A goal is but one step towards an objective. In my case the first objective is to ‘enjoy’ a cruise along the south coast of England during May, June and perhaps into July 2005.
Before the objective can become a reality I need to ‘score’ several goals, and yet the making of a goal requires several moves whereby one outwits the opposition. There needs to be an overall strategic plan and guiding principles governing the plan.
My principles are fundamental, but they cannot be divorced from the reality of priorities, the first being to guard and look after my good wife who has not had the best of health for several years. Strategically caring for my wife is good, not only for her, but it makes sense to ensure she is able to fend for herself while I’m off sailing. She needs to be fit enough physically and mentally to cope with my absence. Once that is assured, I’ll be able to leave her with my conscience clear. Of course, the mobile phone means we shall be able to communicate on a daily basis; therefore if there is some deterioration in her health or an emergency I’ll be able to ‘park’ the boat somewhere then make a quick return home by rail or by coach.
Continuing with the health strategy, I need to keep fit myself, and this I do by taking a walk most days and by having a nutritious diet.
In summary, principle number one is to look after my wife and care for my own needs. This is not a case of making Jack all right, but rather recognizing that if one is not on top form, then others cannot receive the benefits. Ultimately, we are all dependent upon each other, even the most self-sufficient and insular person finds it difficult to live indefinitely without using resources provided by other human beings.
Another fundamental principle is daily satisfaction; that’s not the philosophy of hedonism whereby every activity is with the sole purpose of achieving pleasure; no, in fact it’s almost the opposite. Satisfaction comes from doing those things you think and believe are right – there’s an inner peace. For some this comes because they know they do not condemn themselves because their actions confirm and are in harmony with their moral and ethical values, whether they are formed by upbringing, religion, an examination of how others live and behave, or other accepted inculcated set of norms.
The simplest of goals in pursuit of an objective are sometimes the most difficult to achieve. How often do we see an accomplished football player taking a free kick, only to miss the upper bar of the goal by miles! There’s much recrimination and self-examination and hand thumping when it happens.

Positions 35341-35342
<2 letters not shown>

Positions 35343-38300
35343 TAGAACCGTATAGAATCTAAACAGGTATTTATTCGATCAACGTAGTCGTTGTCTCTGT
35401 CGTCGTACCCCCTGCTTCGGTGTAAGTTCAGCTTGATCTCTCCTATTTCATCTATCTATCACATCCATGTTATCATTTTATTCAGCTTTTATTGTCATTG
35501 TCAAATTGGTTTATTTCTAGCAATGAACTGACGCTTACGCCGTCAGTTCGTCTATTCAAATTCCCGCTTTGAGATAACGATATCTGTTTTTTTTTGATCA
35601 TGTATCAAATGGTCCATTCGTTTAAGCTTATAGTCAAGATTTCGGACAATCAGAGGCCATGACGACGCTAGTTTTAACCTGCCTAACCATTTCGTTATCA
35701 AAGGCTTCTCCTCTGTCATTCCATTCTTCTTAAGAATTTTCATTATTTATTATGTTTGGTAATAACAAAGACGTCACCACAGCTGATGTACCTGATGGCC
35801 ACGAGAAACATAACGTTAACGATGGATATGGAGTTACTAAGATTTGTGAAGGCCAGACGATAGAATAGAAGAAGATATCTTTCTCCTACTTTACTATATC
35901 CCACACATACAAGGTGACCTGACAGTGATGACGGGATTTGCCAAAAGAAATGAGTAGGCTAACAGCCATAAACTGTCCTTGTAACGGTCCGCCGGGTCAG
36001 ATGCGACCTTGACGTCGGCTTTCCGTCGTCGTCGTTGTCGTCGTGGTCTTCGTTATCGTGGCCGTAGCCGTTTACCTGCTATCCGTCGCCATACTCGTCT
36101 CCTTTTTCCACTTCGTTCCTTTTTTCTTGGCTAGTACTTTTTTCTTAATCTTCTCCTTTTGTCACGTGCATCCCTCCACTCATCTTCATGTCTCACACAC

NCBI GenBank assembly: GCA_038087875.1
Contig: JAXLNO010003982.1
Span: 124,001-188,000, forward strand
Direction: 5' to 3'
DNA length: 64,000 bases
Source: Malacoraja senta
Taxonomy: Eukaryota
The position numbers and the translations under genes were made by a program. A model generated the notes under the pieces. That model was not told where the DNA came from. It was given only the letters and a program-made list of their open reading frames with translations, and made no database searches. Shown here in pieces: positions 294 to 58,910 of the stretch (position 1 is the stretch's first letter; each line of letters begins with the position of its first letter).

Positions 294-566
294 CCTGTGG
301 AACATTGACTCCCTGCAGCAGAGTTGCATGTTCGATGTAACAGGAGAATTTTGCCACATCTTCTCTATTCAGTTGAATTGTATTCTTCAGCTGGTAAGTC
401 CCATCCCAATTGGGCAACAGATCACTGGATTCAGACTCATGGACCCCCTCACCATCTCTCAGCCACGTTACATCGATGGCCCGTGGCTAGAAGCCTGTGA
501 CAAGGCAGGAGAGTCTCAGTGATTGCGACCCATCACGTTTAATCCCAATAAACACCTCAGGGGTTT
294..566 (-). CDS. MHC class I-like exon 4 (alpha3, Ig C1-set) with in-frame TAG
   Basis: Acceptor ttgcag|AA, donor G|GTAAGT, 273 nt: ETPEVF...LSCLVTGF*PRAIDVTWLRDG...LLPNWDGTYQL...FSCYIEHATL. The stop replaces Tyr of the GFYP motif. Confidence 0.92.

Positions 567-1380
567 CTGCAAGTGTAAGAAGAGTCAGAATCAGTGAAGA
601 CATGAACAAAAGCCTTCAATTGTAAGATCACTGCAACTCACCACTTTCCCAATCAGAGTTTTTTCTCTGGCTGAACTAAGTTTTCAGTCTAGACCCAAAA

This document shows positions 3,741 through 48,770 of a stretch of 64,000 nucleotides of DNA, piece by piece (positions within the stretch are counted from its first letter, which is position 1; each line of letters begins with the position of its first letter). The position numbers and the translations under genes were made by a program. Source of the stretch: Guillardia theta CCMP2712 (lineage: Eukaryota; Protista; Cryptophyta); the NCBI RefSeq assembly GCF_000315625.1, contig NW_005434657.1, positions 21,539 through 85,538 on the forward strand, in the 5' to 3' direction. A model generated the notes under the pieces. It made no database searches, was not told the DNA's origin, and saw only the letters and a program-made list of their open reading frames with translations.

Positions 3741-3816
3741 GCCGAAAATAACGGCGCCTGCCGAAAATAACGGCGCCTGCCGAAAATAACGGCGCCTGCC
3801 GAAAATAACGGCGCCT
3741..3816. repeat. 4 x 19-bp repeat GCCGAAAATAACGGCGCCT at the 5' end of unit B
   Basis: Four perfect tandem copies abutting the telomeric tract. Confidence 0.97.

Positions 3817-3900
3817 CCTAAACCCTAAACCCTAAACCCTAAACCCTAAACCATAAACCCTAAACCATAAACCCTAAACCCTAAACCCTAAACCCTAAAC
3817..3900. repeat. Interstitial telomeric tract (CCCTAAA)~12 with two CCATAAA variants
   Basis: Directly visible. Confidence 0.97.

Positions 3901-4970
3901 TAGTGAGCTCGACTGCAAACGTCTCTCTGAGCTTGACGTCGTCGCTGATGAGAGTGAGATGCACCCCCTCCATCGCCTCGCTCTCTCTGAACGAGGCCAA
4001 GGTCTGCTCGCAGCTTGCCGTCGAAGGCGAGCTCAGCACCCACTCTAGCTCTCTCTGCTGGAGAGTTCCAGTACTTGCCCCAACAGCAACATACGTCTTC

I suppose one of the simple goals for me was to service ‘Bumper’s’ engine seacock to comply with the insurance survey. What a hassle it turned out to be. By Sod’s law it was located in a dark recess under the engine beyond a narrow opening under the companion way. This necessitated me reaching forward while kneeling and applying a Molegrip and a spanner in opposition to one another. Even before that could be done, various bits and pieces had to be removed from the seacock. Frustratingly I allowed the restraining nut at the base where the intake tube passes through the hull to come loose. That meant finding a way of retaining it while I attended to the other part of the procedure requiring both hands. With some ingenuity I managed to jam the Molegrip against the bulkhead while it gripped the lower nut, thus enabling me to use both hands to accomplish removing the seacock for servicing.
That single, seemingly simple goal, took two half-days to achieve.
There are numerous other maintenance tasks to perform before ‘Bumper’ will be ready for launching and there are just over two months for all of them to be done.
At the beginning of today’s entry I mentioned overcoming the opposition, and here are some identified elements:
1) External demands requiring my participation, things like shopping expeditions, perhaps helping others in a practical way with their every day problems or attending an appointment at the dentist's or doctor's.
2) Adverse weather, perhaps it’s too cold, too wet or too windy.
3) Unexpected emergencies, such as having to get the car attended to after an unwelcome incident, or needing to visit a relative who is unwell.
4) Then there’s just the onset of ‘blues’ perhaps when one is feeling off colour or just too fatigued to cope with the 40 mile return journey to the boat.
My opening sentence contains the word ‘enjoy’, and if that is a prime reason for making the voyage, I believe the preparations should as far as possible be guided by the same principle. When these things become ‘chores’ they have no place in the order of affairs, but now and again we have no control over the outcome, and need to keep an attitude of calm resignation in knowing that most things and activities are not perfect.